We’ve all probably been there: you’re playing a video game, you’re coming to the end of the level. Finally, all of your hard-work and long sessions of thumb flicking have paid off. But, there’s still one final hurdle you have to overcome, a threat greater than any before. You step into the final room of that dungeon and watch a cut-scene as a horrifying monster prepares to attack. This is the boss-fight, it’s a staple of gaming. One could argue in Dungeons and Dragons it occurs less so. However, the narrative effect of boss fights are still at play within D&D itself: climatic clashes against an antagonistic force, which usually end in some great achievement, like magic items or extra experience. Sometimes, however, you can use the scene after a final boss to great effect in other ways. Sometimes, revelations of plot can be just as satisfying as a magic…

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The Ultimate Video Game (a QotM answer)

Later Levels

September’s Question of the Month is brought to you by Ian from Adventure Rules: Nintendo fan, Blogger Blitz host and an awesome writer who brings the community together. To find out more about him and his site, as well as how you can get involved, take a look at this post.

As mentioned by Annie in her own QotM response over on Guardian Acorn last week, the elements for an awesome video game are purely subjective and dependent on a players’ personal preferences. But what if The Ultimate Video Game was being made just for you: what ingredients would a developer need to throw into the mix to make a release tailored to your tastes, and one which would forever cement its place on your favourites list?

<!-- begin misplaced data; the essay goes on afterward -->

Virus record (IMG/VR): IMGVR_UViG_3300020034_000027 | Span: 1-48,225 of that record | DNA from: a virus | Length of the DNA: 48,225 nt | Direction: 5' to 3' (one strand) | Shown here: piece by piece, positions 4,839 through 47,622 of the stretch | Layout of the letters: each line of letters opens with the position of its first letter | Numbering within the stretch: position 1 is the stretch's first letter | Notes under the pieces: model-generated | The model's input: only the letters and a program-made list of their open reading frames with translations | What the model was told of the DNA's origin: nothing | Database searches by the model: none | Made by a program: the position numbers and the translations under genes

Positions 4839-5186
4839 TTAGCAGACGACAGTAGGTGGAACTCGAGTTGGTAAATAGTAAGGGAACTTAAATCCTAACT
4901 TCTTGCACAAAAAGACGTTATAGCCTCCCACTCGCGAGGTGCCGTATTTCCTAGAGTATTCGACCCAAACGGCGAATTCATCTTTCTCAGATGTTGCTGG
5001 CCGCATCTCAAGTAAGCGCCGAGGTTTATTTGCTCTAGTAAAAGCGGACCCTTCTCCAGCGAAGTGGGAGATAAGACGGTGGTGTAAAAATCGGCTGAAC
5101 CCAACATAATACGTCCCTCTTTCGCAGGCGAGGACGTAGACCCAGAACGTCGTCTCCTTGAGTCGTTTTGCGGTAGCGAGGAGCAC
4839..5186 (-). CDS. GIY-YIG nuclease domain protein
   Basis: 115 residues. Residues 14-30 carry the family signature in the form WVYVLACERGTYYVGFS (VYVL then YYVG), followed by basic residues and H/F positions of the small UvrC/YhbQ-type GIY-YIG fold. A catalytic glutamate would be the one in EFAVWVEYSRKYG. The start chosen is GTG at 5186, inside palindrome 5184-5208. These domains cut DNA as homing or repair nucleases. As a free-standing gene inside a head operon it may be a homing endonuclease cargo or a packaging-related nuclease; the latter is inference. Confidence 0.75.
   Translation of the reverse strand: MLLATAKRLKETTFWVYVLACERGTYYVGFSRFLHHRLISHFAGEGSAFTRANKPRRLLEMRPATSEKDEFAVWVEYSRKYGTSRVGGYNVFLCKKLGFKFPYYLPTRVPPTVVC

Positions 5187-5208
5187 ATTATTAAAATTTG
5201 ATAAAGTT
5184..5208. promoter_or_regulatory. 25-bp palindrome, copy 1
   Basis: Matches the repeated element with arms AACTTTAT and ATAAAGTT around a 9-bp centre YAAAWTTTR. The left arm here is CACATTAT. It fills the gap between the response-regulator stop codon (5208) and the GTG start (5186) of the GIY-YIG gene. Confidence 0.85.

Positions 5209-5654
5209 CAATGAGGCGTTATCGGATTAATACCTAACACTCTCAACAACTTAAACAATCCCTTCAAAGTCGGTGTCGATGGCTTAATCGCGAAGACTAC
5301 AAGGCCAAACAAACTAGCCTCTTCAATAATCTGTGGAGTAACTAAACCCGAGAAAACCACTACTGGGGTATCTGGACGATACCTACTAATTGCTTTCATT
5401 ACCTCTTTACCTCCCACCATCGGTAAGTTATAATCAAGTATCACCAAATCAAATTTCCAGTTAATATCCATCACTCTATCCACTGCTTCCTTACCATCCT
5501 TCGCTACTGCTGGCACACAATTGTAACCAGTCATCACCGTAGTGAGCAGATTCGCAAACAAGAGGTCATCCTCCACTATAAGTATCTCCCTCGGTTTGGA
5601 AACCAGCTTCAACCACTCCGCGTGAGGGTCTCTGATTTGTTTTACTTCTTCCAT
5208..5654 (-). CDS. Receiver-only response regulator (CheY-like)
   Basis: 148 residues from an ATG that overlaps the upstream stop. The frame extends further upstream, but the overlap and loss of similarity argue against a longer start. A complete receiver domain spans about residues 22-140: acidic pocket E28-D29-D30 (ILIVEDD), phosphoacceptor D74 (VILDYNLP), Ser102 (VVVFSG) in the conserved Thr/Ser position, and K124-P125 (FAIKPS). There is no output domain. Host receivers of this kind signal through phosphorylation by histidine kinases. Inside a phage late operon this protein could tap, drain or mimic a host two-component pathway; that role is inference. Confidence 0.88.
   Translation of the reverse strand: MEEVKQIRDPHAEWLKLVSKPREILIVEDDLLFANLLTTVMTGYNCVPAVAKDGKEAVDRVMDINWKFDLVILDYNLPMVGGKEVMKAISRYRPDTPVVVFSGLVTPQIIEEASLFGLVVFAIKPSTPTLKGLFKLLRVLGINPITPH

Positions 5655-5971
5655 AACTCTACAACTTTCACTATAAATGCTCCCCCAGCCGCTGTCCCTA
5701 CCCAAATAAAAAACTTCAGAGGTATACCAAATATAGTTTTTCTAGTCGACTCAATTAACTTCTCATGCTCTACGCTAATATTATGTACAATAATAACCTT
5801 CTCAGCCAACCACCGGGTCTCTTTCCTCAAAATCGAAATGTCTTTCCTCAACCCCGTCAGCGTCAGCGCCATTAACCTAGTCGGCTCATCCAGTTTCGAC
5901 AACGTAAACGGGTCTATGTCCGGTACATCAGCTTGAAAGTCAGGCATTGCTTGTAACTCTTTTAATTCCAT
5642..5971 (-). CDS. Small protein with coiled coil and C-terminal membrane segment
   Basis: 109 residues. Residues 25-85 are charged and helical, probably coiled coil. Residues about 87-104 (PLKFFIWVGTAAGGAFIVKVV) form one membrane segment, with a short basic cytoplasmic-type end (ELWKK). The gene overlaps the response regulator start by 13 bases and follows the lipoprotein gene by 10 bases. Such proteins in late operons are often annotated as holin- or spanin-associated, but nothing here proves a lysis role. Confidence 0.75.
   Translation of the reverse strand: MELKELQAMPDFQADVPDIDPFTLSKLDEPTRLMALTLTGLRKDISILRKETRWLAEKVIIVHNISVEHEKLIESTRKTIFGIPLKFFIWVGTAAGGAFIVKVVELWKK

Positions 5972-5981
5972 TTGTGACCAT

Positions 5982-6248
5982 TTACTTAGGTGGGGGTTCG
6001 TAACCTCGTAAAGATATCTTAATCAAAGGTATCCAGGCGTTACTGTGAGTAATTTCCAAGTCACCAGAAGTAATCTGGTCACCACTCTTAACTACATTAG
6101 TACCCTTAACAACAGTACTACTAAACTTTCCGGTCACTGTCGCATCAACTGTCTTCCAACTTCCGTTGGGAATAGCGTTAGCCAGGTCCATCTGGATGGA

*queue wavy dream sequence*

???

The Ultimate Video Game launches 17 September 2018

London, UK – 12 September 2018 – the…

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Persuasion Check: Unearthed Arcana – Dragonmarks

Ready To Role

A new month, a new Unearthed Arcana. This time around we’re taking a look at some content from Wayfinder’s Guide to Eberron from the Dungeon Master’s Guild, specifically looking at Dragonmarks.

The Dragonmarks are essentially 12 new subraces or variant races for humans, half-elves, half-orcs, halflings, elves, gnomes, and dwarves. Each of the 12 can only be used with a specific race, though they can be boosted with a feat for Greater Dragonmarks, and Aberrant Dragonmarks can be applied to any character at any time, though they come with a cost.

Due to the sheer size of this Unearthed Arcana, I have forgone any extreme number crunching in exchange for bite-sized takes on how I feel they stack up. If I miss something good or bad, please be sure to let me know in the comments!

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Dealing with MMO feature bloat, pruning, and obsolescence

Bio Break

Today I’m going to combine a few rants/whines about MMO systems and look at it as a combined, rather than separate, issue. There are two situations that particularly bother me about developing live MMORPGs, and I’m starting to think that they’re related.